For the last eight years, Google has enjoyed a cozy relationship with the Obama Administration. And the search engine giant made a big bet on Hillary Clinton, backing her hard in her presidential run.
So should Google– which has many important matters before the federal government–expect a cold shoulder from the Trump administration?
But first let’s rewind to the campaign. Google — and key Google personnel — were clearly betting on Hillary Clinton to take the White House. One of Google’s topmost executives, Alphabet chairman Eric Schmidt, was one of Clinton’s top donors and was integral to her campaign. And while Google itself splits its donations —sponsoring both Democrats and Republicans –– billionaire Schmidt is one of the largest and most powerful donors to the Democratic Party.
According to documents published by Wikileaks, Schmidt was angling to be an integral part of the Clinton campaign’s technology arm before Clinton had even officially declared herself a candidate.
During the campaign, Schmidt helped to spearhead a start-up called “The Groundwork,” that provided Clinton with coding, data collection and engineering talent. The Groundwork, with its weird, Illuminati-esque logo, began billing the Clinton campaign back in 2015, and reportedly built the entire technological infrastructure underlying Clinton’s operation.
So it’s no wonder that Schmidt — one of the 100 richest people in the world according to Forbes — was sporting a “staff” badge at Hillary Clinton’s ill-fated Election Night party. His investment in her win could have meant a significant role in her transition to power — and serious influence in Clinton’s administration.
He even had his own Hillary-esque version of the “Make America Great Again” hat.
Schmidt knew his involvement could mean big returns because Hillary’s campaign wasn’t his first foray into politics. He was the #3 donor to Barack Obama’s re-election campaign and the #6 donor to Obama’s 2008 campaign, and appears to have parlayed that generosity into unprecedented access for Google inside Obama’s White House.
Google used friends in the Obama Administration to position Google Wallet favorably to its competitors. When the Administration was trying to drive “payday lending” out of business, those lending companies in which Google had invested — LendUp and Lending Tree — emerged remarkably unscathed.
Google even got a friend into a key position in the Library of Congress, one that could eventually help it win a hard-fought battle over television set-top boxes that help consumers get a la cart cable — at the expense of copyright holders.
But that era is ending now, and Donald Trump’s election should have meant a swift end to Google’s insider access. After all, not only has the Republican Presidential nominee declared an end to lobbyist-infiltrated Federal departments, he’s also been a vocal and constant critic of Google, largely for its Democratic ties.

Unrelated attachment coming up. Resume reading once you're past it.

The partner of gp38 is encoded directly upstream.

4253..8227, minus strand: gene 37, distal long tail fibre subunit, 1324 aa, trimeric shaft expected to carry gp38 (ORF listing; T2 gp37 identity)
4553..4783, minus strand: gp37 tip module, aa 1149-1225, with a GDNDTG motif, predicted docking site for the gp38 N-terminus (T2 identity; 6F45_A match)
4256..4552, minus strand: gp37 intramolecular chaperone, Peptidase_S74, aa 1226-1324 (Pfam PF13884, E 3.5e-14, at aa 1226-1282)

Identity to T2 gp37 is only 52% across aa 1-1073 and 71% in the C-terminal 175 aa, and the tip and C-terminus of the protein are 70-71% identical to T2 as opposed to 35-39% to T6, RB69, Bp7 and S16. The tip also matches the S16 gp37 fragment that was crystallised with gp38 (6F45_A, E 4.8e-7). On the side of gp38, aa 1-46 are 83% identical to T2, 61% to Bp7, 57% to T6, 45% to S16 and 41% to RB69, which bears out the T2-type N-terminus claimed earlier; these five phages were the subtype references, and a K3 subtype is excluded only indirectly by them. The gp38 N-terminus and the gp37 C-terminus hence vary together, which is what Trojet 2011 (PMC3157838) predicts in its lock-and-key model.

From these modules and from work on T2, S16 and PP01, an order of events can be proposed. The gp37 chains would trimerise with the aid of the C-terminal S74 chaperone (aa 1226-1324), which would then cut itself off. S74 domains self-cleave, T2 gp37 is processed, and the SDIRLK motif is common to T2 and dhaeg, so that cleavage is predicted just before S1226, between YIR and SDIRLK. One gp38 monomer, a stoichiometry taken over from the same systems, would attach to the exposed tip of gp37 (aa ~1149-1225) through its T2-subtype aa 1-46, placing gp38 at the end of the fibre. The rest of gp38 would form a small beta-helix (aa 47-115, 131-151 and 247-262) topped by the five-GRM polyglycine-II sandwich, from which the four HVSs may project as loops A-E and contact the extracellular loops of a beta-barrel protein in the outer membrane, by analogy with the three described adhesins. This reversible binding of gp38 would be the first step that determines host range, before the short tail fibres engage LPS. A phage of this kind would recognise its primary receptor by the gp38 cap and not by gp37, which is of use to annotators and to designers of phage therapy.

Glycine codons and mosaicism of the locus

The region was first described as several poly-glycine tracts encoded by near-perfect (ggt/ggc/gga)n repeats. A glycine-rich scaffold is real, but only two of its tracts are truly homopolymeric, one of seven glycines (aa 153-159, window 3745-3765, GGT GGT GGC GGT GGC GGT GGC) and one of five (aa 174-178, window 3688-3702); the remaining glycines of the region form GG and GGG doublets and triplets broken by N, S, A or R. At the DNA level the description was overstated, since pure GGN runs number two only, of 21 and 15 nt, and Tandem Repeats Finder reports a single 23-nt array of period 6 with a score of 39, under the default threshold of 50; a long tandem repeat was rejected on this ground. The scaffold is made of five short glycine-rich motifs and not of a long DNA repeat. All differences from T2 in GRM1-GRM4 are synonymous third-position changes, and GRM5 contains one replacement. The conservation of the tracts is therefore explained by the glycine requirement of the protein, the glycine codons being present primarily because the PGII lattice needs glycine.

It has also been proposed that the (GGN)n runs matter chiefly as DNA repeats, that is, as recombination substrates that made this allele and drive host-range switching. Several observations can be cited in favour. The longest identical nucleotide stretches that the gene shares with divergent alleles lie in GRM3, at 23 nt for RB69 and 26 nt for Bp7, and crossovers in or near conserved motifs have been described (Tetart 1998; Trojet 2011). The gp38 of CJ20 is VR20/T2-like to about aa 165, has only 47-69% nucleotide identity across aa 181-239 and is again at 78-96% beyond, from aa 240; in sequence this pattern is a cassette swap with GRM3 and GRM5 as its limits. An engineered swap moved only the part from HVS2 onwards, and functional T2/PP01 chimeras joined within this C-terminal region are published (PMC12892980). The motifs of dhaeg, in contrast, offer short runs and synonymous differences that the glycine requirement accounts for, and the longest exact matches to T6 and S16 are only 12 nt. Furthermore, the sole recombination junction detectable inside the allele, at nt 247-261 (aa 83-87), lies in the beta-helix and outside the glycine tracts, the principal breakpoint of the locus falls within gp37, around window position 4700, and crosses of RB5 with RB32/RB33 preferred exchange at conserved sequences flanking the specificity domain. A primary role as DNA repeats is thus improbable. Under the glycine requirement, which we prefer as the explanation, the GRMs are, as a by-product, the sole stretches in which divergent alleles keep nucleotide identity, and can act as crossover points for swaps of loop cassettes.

During the campaign, Trump repeatedly attacked Google, even saying that he felt Google was “out to get him,” accusing the search engine of gaming its results to benefit Hillary Clinton, and burying news detrimental to his Democratic opponent (a charge Google denies).
On the campaign trail, he called Google a “disgrace,” and branded the search company, “very, very dishonest”. Closer to Election Day, he urged his supporters to “follow the money” to discover Google’s extensive ties to Clinton’s operation.
The feeling, at least on the part of Google’s CEO Sundar Pichai, is mutual. Pichai sharply rebuked Trump’s immigration policy in an open letter posted to Medium last December, calling on Republicans and Democrats to “not let fear defeat our values.” In the days after the election, Pichai tried to soothe worried employees with a note, assuring Google that it would maintain its core values in the face of a worrying administration.
It might come as a suprise to both Trump and Pichai that Google is already working hand-in-hand with Trump’s team, helping Trump’s fledging administration establish roots in a key Federal agency.
Meet Joshua Wright, a law professor from George Mason University, who will help head up Donald Trump’s team at the Federal Trade Commission. Wright was an FTC commissioner until 2015, when he took his current job as a teacher — and as an “of counsel” lawyer at Wilson Sonsini Goodrich & Rosati, the white shoe firm that represents Google in front of the FTC.
When Wright left the FTC, Google bemoaned that it had lost its “friend” on the body.
Wright’s work at George Mason has been largely focused on innovation — and his paper topics seem to push policies that are near and dear to Google’s corporate heart — policies such as those that support patent limitations, or oppose search engine neutrality. It’s probably no coincidence that Google donated more than $700,000 to George Mason University’s Law and Economics Center.
Wright could soon take one of two open seats on the FTC, giving Google a direct voice in consumer trade, or he could use his influence — and connections — to ensure that the two seats are filled with Google-friendly executives.
Why all the effort to court an unfriendly administration?
Tech companies have been quite busy in the last week working on plans to infiltrate a Trump White House. And Google may need Federal government allies more than most: it could be facing down anti-trust actions in the US — not unlike issues it faced in Europe. Friends on the Federal Trade Commission could go a long way toward helping Google avoid penalties.
So Schmidt may keep his money tied up for the 2020 fight, but he’ll at least be trading his knockoff red hat for a “Make America Great Again” version … for the time being.